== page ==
# Understanding of acids and bases [closed]

My teacher tried to teach this concept to us in 5 minutes. I'm lost but I've made an effort to understand it all (but I need clarification.)

If we have a compound such as LiOH, what element would be needed to neutralize it? As in, I understand that this element has to be a base but, there are SO MANY bases. Can you maybe teach how to do these using the LiOH example and another example using HCl (aq). Any examples, really. I just need to understand that.

Secondly, we haven't learned solubility tables yet, I can identify an acid (H ...) and bases (... OH) but what if there's a compound like MgCl2, what do I do now? Do I use a table to look up the states or the pH? Is there another approach?

I learned that Alkali Metal + O2 = Oxides but I can't really apply that here, can I?

Literally any help will be appreciated, I'm not cramming rather just don't understand the concept.

• Your question is really bad - what are we supposed to do do, teach you whole general and inorganic chemistry? – Mithoron Nov 10 '15 at 19:57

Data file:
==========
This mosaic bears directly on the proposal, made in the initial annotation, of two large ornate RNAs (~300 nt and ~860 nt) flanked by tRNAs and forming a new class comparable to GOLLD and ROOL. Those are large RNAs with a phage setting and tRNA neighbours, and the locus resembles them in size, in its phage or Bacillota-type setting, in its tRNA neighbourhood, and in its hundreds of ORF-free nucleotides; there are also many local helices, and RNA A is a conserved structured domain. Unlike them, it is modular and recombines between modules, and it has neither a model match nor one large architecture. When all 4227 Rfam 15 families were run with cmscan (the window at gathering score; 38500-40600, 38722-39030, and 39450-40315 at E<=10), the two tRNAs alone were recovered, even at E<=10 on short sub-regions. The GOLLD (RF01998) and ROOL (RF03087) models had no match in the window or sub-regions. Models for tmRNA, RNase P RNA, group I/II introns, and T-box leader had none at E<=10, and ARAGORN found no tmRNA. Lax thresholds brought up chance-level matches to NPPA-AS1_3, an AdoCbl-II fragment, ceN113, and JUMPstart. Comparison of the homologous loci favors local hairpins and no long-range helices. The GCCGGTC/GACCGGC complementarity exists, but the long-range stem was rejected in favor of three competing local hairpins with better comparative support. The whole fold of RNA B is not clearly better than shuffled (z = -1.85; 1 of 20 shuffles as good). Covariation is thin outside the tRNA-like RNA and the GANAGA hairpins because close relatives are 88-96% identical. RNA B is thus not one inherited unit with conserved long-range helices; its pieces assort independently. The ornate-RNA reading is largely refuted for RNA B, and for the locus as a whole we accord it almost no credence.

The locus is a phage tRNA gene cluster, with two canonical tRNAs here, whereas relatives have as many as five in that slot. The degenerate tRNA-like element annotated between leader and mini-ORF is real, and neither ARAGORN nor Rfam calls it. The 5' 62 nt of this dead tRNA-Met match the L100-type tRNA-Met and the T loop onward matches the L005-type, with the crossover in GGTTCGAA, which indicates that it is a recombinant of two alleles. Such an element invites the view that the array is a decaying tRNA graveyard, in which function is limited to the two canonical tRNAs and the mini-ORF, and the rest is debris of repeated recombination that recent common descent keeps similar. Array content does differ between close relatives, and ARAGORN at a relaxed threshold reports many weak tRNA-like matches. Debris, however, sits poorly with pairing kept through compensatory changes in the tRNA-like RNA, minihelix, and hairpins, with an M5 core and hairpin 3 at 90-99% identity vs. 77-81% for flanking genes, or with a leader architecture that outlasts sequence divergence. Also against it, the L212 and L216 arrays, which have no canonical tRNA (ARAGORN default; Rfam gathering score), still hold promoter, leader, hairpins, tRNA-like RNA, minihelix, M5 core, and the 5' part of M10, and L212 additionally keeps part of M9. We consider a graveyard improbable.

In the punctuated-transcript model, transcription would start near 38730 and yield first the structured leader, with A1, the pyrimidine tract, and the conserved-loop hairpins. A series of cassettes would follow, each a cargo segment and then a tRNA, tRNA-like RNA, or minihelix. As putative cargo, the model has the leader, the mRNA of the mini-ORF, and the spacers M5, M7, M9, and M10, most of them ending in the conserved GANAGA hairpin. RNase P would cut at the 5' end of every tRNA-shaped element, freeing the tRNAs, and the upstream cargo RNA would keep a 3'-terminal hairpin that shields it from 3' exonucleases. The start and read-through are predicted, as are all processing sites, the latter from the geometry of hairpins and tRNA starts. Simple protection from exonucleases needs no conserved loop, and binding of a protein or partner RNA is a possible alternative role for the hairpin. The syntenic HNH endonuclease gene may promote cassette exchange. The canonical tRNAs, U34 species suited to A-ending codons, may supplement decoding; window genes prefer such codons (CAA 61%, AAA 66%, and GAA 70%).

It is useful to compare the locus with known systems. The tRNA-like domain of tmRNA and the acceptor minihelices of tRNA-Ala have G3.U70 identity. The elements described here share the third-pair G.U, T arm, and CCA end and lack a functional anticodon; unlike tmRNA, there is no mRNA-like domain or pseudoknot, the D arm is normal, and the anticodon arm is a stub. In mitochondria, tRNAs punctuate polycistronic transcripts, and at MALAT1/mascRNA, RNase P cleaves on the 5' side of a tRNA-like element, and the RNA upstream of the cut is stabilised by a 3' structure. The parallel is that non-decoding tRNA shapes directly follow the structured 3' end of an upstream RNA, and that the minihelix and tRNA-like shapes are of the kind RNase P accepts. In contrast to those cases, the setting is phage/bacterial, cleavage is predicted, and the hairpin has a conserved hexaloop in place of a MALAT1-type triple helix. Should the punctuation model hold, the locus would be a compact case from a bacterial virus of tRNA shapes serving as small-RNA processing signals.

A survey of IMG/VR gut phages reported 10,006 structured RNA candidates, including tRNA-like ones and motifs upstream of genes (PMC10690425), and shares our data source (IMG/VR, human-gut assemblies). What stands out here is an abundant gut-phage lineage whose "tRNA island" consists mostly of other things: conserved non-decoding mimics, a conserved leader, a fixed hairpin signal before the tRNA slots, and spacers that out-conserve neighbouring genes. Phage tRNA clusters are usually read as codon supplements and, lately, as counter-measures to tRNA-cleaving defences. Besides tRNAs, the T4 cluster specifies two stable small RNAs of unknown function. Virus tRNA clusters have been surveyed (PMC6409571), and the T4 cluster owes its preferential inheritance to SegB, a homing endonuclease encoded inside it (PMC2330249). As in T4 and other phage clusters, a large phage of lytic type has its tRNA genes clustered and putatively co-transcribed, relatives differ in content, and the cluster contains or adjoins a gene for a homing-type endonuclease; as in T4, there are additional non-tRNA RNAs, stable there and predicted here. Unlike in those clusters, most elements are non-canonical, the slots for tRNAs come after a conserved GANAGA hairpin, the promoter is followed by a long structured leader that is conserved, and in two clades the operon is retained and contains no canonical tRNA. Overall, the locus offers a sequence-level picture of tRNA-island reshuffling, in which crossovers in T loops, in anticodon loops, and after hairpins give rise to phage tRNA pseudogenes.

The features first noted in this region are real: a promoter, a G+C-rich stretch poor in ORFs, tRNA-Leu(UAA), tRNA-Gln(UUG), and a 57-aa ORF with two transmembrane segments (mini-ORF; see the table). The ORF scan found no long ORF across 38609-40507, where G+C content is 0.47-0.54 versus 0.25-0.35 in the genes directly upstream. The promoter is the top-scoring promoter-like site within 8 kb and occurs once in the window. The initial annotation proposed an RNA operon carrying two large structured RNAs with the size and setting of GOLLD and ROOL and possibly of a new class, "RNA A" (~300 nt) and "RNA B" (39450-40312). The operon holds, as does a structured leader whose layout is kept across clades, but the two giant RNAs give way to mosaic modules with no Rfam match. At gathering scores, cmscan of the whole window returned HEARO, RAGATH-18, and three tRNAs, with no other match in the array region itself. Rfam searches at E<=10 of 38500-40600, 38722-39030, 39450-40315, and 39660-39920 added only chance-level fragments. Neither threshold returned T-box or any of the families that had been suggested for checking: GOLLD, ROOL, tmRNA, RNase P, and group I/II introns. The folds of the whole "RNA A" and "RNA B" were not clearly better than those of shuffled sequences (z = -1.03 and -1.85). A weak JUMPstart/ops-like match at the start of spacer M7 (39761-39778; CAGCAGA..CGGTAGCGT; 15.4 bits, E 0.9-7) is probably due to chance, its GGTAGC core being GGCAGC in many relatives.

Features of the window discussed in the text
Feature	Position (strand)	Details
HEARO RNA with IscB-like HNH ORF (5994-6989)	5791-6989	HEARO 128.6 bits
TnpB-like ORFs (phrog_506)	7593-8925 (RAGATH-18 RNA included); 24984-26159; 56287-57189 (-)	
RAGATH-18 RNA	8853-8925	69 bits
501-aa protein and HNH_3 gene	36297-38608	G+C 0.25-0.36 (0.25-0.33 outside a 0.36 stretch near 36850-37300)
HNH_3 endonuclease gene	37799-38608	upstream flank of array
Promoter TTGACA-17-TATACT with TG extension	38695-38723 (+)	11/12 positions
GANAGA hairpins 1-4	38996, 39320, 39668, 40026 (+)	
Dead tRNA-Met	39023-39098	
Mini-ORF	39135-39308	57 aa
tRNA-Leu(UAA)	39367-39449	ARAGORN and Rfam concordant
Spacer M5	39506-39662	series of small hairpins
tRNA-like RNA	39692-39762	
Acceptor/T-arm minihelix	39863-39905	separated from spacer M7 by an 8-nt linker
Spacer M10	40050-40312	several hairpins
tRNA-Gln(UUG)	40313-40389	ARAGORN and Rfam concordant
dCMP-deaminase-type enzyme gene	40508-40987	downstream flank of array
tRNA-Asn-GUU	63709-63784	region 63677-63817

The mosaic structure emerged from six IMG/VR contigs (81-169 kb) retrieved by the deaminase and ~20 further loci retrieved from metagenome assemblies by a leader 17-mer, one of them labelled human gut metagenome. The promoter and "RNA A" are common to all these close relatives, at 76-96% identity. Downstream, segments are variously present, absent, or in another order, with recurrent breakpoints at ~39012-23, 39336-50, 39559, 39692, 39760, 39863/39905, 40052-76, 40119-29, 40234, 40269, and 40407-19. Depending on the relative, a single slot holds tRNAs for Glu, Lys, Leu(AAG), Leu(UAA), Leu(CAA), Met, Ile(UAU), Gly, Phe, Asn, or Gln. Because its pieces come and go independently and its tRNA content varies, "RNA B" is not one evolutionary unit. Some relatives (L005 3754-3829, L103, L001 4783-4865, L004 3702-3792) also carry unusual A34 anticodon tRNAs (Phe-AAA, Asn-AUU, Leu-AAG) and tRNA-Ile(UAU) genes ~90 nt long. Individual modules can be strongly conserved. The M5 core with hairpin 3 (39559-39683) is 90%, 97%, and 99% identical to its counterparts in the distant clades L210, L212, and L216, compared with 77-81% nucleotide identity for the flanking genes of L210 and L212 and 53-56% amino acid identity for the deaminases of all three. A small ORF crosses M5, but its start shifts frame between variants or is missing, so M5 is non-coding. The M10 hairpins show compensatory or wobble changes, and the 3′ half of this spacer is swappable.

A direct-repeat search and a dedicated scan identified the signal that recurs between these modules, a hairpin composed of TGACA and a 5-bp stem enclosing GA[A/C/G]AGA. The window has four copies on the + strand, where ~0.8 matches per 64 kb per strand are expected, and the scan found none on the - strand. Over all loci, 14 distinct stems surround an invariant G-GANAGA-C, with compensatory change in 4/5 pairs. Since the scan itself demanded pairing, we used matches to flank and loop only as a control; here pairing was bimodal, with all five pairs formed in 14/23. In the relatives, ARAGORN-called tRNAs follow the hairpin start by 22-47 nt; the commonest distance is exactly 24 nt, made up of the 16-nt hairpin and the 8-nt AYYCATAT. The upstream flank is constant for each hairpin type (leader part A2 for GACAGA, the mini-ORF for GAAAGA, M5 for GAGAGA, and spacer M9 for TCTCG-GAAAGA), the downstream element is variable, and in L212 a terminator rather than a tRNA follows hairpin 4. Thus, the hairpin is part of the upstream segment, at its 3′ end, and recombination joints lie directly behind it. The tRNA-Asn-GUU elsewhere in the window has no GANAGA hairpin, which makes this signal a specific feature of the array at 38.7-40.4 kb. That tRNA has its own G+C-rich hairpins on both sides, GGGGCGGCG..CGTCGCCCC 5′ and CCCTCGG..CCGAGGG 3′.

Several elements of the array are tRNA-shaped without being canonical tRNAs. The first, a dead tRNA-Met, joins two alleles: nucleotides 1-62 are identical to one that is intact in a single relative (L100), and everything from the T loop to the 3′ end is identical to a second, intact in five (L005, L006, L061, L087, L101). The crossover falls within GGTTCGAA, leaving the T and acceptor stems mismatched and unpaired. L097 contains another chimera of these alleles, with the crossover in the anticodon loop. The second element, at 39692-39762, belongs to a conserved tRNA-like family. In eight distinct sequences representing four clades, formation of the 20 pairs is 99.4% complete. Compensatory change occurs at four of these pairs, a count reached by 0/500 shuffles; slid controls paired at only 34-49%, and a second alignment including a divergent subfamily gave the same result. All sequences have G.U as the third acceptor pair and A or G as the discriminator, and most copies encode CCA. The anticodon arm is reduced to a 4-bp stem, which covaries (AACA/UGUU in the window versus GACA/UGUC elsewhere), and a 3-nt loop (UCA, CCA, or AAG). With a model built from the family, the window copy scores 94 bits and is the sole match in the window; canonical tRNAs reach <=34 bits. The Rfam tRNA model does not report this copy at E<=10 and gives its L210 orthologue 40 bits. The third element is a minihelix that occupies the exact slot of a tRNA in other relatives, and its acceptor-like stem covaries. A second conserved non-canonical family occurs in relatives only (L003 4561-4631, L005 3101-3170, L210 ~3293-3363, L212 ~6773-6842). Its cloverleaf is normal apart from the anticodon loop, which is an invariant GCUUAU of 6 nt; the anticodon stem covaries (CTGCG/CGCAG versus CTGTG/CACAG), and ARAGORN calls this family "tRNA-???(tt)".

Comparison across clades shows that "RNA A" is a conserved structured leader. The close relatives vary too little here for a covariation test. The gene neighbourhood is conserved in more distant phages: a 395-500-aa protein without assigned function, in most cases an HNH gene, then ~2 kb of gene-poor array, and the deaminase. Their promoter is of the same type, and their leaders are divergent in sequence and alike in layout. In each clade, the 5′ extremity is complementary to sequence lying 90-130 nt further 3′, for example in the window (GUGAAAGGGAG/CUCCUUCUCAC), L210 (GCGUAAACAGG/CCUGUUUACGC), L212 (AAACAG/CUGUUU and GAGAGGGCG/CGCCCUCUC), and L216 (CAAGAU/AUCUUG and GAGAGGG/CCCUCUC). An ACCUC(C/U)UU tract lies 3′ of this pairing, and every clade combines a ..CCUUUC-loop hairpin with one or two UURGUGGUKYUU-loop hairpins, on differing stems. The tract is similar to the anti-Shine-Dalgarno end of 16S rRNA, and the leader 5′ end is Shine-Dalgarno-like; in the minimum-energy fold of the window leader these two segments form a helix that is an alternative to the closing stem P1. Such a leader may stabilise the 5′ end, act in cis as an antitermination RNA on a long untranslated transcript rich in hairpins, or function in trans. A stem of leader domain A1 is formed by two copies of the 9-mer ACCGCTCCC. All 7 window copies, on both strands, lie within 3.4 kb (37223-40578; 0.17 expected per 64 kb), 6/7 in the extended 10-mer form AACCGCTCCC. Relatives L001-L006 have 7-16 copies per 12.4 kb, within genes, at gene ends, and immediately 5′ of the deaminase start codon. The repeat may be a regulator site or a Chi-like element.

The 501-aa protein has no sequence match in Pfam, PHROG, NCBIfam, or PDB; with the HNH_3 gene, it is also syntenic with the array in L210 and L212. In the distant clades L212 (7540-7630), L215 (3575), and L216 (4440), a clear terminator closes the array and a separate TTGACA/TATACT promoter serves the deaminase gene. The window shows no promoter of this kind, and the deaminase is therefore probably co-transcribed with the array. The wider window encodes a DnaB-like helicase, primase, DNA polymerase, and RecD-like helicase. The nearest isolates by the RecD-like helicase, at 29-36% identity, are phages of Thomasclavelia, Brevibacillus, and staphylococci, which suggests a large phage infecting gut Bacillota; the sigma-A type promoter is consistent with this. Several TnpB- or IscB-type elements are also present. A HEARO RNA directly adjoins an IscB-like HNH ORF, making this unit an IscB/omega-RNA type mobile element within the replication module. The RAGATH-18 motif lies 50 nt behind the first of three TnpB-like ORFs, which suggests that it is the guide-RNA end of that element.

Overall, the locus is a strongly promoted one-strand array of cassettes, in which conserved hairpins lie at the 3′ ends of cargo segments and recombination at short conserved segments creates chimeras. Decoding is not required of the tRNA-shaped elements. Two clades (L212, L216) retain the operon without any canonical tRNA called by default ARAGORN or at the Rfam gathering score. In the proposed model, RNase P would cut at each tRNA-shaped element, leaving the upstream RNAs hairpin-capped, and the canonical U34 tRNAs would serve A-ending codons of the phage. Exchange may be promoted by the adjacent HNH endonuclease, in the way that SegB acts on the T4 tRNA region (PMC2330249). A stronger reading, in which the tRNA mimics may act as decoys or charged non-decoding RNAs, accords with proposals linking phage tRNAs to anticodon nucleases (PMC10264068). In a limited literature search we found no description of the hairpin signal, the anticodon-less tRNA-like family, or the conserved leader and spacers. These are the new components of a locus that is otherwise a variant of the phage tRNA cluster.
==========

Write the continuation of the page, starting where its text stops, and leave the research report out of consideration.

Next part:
As we are discussing acid-base neutralisation reactions they will be in solution (mixed with water).

First consider LiOH when mixed with water: $$\ce{LiOH -> Li+ + OH-}$$

As we can see $\ce{OH-}$ ions are formed, meaning this solution is a base. This means we need an acid to neutralise it. (Acids and bases react to neutralise each other).

Lets say we use $\ce{HCl}$ as our acid. Consider it mixed with water: $$\ce{HCl -> H+ + Cl-}$$

When we mix these two solutions together we get: $$\ce{Li+ + Cl- + H+ + OH- -> LiCl + H2O}$$

Notice how the $\ce{OH-}$ and $\ce{H+}$ react to form $\ce{H2O}$. The $\ce{LiOH}$ is now neutralised.

This can be written in one equation like this: $$\ce{LiOH + HCl -> LiCl + H2O}$$

Other acids could also be used to neutralise the $\ce{LiOH}$ such as $\ce{H2SO4}$: $$\ce{2LiOH + H2SO4 -> Li2SO4 + 2H2O}$$

I am uncertain of your second question. There is no way of neutralising $\ce{MgCl2}$ as it is a neutral salt (no $\ce{OH-}$ or $\ce{H+}$). Solubility tables (at this level) also do not affect the pH of your solution. If you haven't learned about it yet then don't attempt to now, you will likely just confuse yourself for your test tomorrow.

I hope this has been at an appropriate level for you.